Chronic absence numbers drop for Prince Edward schools

Published 7:07 pm Saturday, April 13, 2024

Getting your Trinity Audio player ready...

The good news is the absence numbers keep dropping. The bad news is they’re still pretty high. Prince Edward County Schools Superintendent Dr. Barbara Johnson outlined where the district stands with chronic absenteeism when she spoke with county supervisors on Tuesday, April 9. Speaking during their regular meeting, Johnson explained that currently, 21% of the elementary students, 18% of middle school students and 23% of high school students in Prince Edward are considered to be chronically absent. That is, they’ve missed more than 10% of classes so far this year. 

To be clear, while that’s not exactly at the goal of 10% or less, it’s still showing improvement. Last year, a total of 29.55% of students attending Prince Edward Elementary were chronically absent. That means out of 704 students at the school, 208 missed either 10% of classes or higher. At Prince Edward Middle School, 30.56% of students were chronically absent, while the same could be said of 30.15% of Prince Edward High students last year. Johnson said teachers and staff across the district are trying to drop those numbers even lower. 

“We have incentivized attendance significantly this year, more than we ever have,” Johnson said. “We have giveaways, we have pop-ups.” 

Email newsletter signup

A pop-up, for example, is when an administrator goes on random days to different schools and random students can win prizes. The district is also working on bigger prizes, like a trip for third and fourth graders to Washington D.C. The district now also has a support specialist who specifically works with attendance and chronic absenteeism. And, if the incentives don’t work, the district staff informs parents of truancy laws and files paperwork with the courts. 

A solution for absence numbers 

Prince Edward Supervisors Cannon Watson and Harrison Jones asked about solutions, if there was any way to fix the problem. Johnson said part of the issue is that some parents are willing to work with the district and others aren’t. 

“Some are very open to any support we may provide or working in partnership with us and some are not,” Johnson said. “Some will say I can’t do anything with him.” 

Jones asked how many, or what percentage of parents, aren’t willing to work with the district. Johnson responded that she couldn’t give him that number, just because by the time the conversation reaches her, the tone is different than when the parents are speaking to a teacher or administrator. 

“I think in any parent’s mind, they are doing the best that they can do,” Johnson said. “There are some, who, particularly when their children get older, so particularly in middle or high school, they tend to give more freedom because they think they’re older and able to make better decisions. And that’s not always true.”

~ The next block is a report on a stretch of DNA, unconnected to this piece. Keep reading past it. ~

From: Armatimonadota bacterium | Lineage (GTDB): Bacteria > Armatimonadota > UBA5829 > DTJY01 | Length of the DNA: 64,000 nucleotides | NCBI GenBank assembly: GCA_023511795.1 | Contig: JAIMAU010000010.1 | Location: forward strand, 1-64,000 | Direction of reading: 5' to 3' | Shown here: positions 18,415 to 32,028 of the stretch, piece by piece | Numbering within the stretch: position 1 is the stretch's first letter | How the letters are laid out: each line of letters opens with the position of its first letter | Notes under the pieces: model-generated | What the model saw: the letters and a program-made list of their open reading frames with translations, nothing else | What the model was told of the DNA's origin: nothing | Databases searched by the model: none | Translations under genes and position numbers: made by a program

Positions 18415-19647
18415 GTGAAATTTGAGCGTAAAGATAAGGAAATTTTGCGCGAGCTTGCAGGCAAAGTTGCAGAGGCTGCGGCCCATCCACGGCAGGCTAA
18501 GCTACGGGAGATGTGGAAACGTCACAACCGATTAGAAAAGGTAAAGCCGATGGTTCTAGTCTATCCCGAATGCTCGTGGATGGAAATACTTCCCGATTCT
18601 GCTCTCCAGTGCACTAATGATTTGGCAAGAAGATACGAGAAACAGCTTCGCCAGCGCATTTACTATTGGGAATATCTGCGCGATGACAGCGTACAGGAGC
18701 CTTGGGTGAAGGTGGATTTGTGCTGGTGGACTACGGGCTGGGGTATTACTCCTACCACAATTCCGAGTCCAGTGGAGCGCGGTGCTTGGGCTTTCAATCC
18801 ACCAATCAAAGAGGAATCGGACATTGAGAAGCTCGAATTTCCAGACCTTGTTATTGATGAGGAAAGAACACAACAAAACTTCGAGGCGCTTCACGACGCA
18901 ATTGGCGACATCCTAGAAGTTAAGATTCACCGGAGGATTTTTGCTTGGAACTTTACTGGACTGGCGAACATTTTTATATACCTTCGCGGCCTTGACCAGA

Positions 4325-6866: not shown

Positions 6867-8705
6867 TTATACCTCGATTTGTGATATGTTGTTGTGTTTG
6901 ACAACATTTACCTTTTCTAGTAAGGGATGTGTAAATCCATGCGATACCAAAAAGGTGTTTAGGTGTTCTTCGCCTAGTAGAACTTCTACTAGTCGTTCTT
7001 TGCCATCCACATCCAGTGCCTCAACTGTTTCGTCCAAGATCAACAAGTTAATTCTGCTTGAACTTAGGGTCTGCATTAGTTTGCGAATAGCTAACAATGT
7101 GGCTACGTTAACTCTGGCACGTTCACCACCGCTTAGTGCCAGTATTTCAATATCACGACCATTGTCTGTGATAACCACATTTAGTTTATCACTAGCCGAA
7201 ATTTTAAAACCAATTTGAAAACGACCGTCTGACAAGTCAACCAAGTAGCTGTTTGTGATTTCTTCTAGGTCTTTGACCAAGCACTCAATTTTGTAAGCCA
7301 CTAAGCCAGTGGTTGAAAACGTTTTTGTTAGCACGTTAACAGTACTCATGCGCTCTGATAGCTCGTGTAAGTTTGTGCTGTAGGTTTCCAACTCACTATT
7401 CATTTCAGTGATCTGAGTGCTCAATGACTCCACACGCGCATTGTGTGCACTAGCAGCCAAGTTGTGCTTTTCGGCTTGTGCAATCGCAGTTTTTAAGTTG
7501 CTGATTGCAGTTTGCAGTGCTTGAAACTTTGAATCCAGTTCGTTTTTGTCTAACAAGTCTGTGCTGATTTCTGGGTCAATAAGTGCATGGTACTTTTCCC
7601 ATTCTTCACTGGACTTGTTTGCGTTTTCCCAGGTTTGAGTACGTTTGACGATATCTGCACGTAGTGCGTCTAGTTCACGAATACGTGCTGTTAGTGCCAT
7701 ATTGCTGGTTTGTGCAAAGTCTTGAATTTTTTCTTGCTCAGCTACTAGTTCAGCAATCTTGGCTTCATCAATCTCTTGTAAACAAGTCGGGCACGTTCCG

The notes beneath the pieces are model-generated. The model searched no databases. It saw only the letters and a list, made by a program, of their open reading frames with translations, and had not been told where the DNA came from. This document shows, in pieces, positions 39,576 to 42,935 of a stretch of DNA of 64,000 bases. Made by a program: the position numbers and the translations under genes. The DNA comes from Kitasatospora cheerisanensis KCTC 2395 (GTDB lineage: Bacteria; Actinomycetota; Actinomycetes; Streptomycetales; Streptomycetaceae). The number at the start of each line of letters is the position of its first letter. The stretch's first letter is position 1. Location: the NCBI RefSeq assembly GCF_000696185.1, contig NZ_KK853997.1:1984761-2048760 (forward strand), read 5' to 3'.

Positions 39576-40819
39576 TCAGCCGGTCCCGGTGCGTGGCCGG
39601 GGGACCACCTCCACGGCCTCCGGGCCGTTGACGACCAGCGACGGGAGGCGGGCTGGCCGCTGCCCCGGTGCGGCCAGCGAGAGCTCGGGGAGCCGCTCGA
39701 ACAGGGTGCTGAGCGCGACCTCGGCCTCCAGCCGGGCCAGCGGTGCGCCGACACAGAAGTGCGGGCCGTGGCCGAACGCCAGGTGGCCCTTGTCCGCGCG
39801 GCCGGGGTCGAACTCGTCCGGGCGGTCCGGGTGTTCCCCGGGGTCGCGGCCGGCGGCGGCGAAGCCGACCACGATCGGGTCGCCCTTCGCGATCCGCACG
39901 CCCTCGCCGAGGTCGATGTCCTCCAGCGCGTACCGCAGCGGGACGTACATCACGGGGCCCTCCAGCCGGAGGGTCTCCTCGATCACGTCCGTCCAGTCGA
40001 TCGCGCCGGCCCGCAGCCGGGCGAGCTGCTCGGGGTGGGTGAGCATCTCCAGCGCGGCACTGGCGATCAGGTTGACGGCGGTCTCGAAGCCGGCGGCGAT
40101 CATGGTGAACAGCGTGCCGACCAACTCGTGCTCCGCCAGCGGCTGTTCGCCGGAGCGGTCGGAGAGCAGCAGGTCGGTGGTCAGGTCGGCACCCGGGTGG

Supervisor Dr. Odessa Pride raised concerns about the 23% number at the high school. 

“If they are not doing well in the classes, what are they going to do on the SOL test?” Pride said. “They’re not going to be able to read them and do well. That’s a big big concern.” 

She asked Johnson what steps are being taken on the high school level to help students.  

“Some of the same types of incentives,” Johnson said. “(The) high school is doing dances as incentives. They’re doing day trips as incentives.They’re simply trying to incentivize coming to school. It’s very difficult for us to make children come to school.”  

Getting students engaged 

Johnson also acknowledged that part of the absence numbers issue stems from the district, with some classes just not being as interesting to students. 

“I will say sometimes it is engaging and sometimes it is not engaging,” Johnson said. “And that is being very truthful. And that makes a big difference for some children. (Growing up), my mother very clearly said it doesn’t matter whether you like it or not, you’re going. I revered my mother, I was going. That is not necessarily the case these days. For some children, it’s not as engaging as they want it to be. They have technology, cell phones, chrome books, they find other things to do.” 

Supervisor Llewellyn Gilliam said he’s been told it’s hard to keep kids’ attention. 

“The word I hear is they get bored real quick and you have to stay after them,” Gilliam said. 

Johnson acknowledged that, saying some attempts were more successful than others. But she also said district staff may need to rethink ways of doing things. 

“I think some years we get excited about all the technology and forget that engagement is far more important than the technology,” Johnson said. “Technology is nothing but a tool.”